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Finally about four o’clock in the morning the carriage stopped; my Italian friend awoke and demanded the cause.  “Signor,” said the vetturino, “we are in Florence!” I blessed the man, and the city too.  The good-humored officer looked at our passports and passed our baggage without examination; we gave the gatekeeper a paul and he admitted us.  The carriage rolled through the dark, silent streets—­passed a public square—­came out on the Arno—­crossed and entered the city again—­and finally stopped at a hotel.  The master of the “Lione Bianco” came down in an undress to receive us, and we shut the growing dawn out of our rooms to steal that repose from the day which the night had not given.

CHAPTER XXXIV.

FLORENCE AND ITS GALLERIES.

Sept. 11.—­Our situation here is as agreeable as we could well desire.  We have three large and handsomely furnished rooms, in the centre of the city, for which we pay Signor Lazzeri, a wealthy goldsmith, ten scudo per month—­a scudo being a trifle more than an American dollar.  We live at the Cafes and Trattone very conveniently for twenty-five cents a day, enjoying moreover, at our dinner in the Trattoria del Cacciatore, the company of several American artists with whom we have become acquainted.  The day after our arrival we met at the table d’hote of the “Lione Bianco,” Dr. Boardman of New York, through whose assistance we obtained our present lodgings.  There are at present ten or twelve American artists in Florence, and we promise ourselves much pleasure and profit from their acquaintance.  B——­ and I are so charmed with the place and the beautiful Tuscan dialect, that we shall endeavor to spend three or four months here.  F——­ returns to Germany in two weeks, to attend the winter term of the University at his favorite Heidelberg.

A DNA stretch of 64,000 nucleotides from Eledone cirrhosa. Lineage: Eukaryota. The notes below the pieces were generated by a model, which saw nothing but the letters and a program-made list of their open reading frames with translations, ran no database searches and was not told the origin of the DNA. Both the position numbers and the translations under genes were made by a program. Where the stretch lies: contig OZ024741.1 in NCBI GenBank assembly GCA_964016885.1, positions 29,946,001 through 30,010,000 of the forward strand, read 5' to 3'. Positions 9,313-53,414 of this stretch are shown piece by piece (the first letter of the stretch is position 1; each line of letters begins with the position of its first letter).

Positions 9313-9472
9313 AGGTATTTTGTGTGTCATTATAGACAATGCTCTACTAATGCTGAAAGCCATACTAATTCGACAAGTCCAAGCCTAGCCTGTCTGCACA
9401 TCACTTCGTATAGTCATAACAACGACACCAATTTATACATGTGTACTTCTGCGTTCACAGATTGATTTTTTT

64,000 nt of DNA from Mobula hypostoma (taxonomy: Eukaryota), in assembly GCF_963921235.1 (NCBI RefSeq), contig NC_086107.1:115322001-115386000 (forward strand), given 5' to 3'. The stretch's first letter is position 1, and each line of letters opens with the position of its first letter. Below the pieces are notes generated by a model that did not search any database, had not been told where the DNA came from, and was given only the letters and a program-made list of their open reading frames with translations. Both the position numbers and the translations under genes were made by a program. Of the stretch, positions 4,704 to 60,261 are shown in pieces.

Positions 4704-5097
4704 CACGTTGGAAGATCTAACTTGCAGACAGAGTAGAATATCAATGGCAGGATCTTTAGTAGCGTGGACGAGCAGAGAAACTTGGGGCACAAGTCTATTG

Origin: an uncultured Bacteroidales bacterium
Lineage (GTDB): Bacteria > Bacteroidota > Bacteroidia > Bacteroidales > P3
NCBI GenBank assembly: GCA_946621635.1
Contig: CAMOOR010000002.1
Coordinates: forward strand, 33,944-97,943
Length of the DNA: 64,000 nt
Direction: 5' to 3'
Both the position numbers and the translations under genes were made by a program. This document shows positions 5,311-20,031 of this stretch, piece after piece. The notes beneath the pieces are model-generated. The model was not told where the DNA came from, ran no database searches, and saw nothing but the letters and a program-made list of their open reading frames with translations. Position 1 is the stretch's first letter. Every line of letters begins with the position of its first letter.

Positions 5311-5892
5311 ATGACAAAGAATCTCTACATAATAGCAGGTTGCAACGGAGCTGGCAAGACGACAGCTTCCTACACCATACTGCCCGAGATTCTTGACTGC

Our first walk in Florence was to the Royal Gallery—­we wished to see the “goddess living in stone” without delay.  Crossing the neighboring Piazza del Granduca, we passed Michael Angelo’s colossal statue of David, and an open gallery containing, besides some antiques, the master-piece of John of Bologna.  The palace of the Uffizii, fronting on the Arno, extends along both sides of an avenue running back to the Palazzo Vecchio.  We entered the portico which passes around under the great building, and after ascending three or four flights of steps, came into a long hall, filled with paintings and ancient statuary.  Towards the end of this, a door opened into the Tribune—­that celebrated room, unsurpassed by any in the world for the number and value of the gems it contains.  I pushed aside a crimson curtain and stood in the presence of the Venus.

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